Biochemist & Biophysicist
What you need to know
Biochemists and biophysicists study the chemical and physical principles of living things and of biological processes, such as cell development, growth, heredity, and disease.
Biochemists and biophysicists typically work in laboratories and offices, to conduct experiments and analyze the results. Those who work with dangerous organisms or toxic substances in the laboratory must follow safety procedures to avoid contamination.
Some of the things biochemists and biophysicists might do:
- Plan and conduct complex projects in basic and applied research
- Manage laboratory teams and monitor the quality of their work
- Isolate, analyze, and synthesize proteins, fats, DNA, and other molecules
- Research the effects of substances such as drugs, hormones, and nutrients on tissues and biological processes
- Review literature and the findings of other researchers and attend conferences
- Prepare technical reports, research papers, and recommendations based on their research findings
- Present research findings to scientists, engineers, and other colleagues
- Secure funding and write grant applications
- Analytical skills. Biochemists and biophysicists must be able to conduct scientific experiments and analyses with accuracy and precision.
- Communication skills. Biochemists and biophysicists have to write and publish reports and research papers, give presentations of their findings, and communicate clearly with team members.
- Critical-thinking skills. Biochemists and biophysicists draw conclusions from experimental results through sound reasoning and judgment.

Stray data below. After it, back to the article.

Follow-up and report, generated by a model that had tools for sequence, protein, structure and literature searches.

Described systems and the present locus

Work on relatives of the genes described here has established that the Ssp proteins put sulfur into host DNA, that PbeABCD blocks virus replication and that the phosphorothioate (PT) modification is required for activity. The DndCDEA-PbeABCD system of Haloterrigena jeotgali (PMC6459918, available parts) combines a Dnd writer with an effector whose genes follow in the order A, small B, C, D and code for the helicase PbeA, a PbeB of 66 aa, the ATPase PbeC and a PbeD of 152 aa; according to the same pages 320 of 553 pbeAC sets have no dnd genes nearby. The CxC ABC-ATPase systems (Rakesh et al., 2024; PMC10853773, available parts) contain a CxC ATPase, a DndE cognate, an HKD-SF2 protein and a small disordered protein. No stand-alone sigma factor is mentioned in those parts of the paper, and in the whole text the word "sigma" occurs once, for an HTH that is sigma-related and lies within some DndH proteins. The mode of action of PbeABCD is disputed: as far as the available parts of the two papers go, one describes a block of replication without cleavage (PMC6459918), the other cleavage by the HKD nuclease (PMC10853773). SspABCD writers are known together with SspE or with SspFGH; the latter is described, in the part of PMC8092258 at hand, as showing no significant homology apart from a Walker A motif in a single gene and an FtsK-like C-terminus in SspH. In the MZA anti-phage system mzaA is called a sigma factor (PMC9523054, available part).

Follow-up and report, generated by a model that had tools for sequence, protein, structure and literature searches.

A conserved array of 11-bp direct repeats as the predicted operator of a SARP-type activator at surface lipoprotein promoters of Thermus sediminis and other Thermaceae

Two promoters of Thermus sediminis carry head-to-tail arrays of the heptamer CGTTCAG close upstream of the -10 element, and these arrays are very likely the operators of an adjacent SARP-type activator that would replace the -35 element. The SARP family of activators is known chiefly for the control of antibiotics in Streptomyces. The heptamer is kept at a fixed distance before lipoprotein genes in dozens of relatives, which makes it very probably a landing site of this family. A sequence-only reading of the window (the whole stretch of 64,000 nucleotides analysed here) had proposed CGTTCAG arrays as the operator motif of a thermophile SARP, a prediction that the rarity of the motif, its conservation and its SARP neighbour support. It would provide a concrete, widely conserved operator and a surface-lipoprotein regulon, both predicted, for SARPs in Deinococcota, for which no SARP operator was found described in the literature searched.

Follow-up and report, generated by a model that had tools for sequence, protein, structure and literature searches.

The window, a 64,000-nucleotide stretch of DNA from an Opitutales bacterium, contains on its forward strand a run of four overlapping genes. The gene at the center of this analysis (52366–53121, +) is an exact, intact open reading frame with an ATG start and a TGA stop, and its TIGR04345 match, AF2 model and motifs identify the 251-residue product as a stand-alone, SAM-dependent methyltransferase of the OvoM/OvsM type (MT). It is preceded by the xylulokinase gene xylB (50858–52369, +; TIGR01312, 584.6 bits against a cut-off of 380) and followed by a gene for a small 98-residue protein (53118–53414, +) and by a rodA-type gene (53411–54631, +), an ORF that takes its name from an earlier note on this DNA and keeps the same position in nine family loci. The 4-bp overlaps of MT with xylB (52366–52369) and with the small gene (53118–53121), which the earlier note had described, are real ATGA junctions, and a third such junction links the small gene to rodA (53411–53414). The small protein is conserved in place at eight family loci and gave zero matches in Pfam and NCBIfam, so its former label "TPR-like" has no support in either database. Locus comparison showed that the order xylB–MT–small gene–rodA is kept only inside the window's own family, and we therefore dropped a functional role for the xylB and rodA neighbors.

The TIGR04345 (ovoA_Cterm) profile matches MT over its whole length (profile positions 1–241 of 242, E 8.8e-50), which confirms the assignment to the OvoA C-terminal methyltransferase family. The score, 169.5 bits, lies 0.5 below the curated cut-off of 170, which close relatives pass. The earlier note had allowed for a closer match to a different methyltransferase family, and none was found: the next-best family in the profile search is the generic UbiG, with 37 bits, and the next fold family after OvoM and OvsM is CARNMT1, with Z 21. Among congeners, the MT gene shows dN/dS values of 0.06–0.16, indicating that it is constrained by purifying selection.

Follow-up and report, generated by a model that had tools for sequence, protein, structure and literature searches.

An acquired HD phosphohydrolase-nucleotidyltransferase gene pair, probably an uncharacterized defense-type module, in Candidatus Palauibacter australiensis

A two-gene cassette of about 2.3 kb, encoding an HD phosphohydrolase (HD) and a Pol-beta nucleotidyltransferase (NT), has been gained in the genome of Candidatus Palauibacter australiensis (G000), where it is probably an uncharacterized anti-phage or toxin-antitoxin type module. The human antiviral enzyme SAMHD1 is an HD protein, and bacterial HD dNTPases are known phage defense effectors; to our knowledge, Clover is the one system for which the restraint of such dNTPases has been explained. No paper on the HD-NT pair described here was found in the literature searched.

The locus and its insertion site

- Interpersonal skills. Biochemists and biophysicists typically work on interdisciplinary research teams and need to work well with others toward a common goal. Many serve as team leaders and must be able to motivate and direct other team members.
- Math skills. Biochemists and biophysicists use complex equations and formulas regularly in their work. They need a broad understanding of math, including calculus and statistics.
- Perseverance. Biochemists and biophysicists need to be thorough in their research and in their approach to problems. Scientific research involves substantial trial and error, and biochemists and biophysicists must not become discouraged in their work.
- Problem-solving skills. Biochemists and biophysicists use scientific experiments and analysis to find solutions to complex scientific problems.
- Time-management skills. Biochemists and biophysicists usually need to meet deadlines when conducting research. They must be able to manage time and prioritize tasks efficiently while maintaining their quality of work.
The average pay for biochemists and biophysicists in the United States ranges from $50,620 to $182,870 as of May 2019.
The specific pay depends on factors such as level of experience, education and training, geographic location, and specific industry.
Employment of biochemists and biophysicists is projected to grow 6 percent from 2018 to 2028, about as fast as the average for all occupations.
More biochemists and biophysicists will be needed to use the knowledge they have gained from basic research to develop biological products and processes that improve people’s lives.
Biochemists and biophysicists need a Ph.D. to work in independent research-and-development positions. Most Ph.D. holders begin their careers in temporary postdoctoral research positions. Bachelor’s and master’s degree holders are qualified for some entry-level positions in biochemistry and biophysics.
Most Ph.D. holders in biochemistry and biophysics have bachelor’s degrees in biochemistry or a related field, such as biology, chemistry, physics, or engineering. High school students can prepare for college by taking classes related to the natural and physical sciences, as well as math and computer science.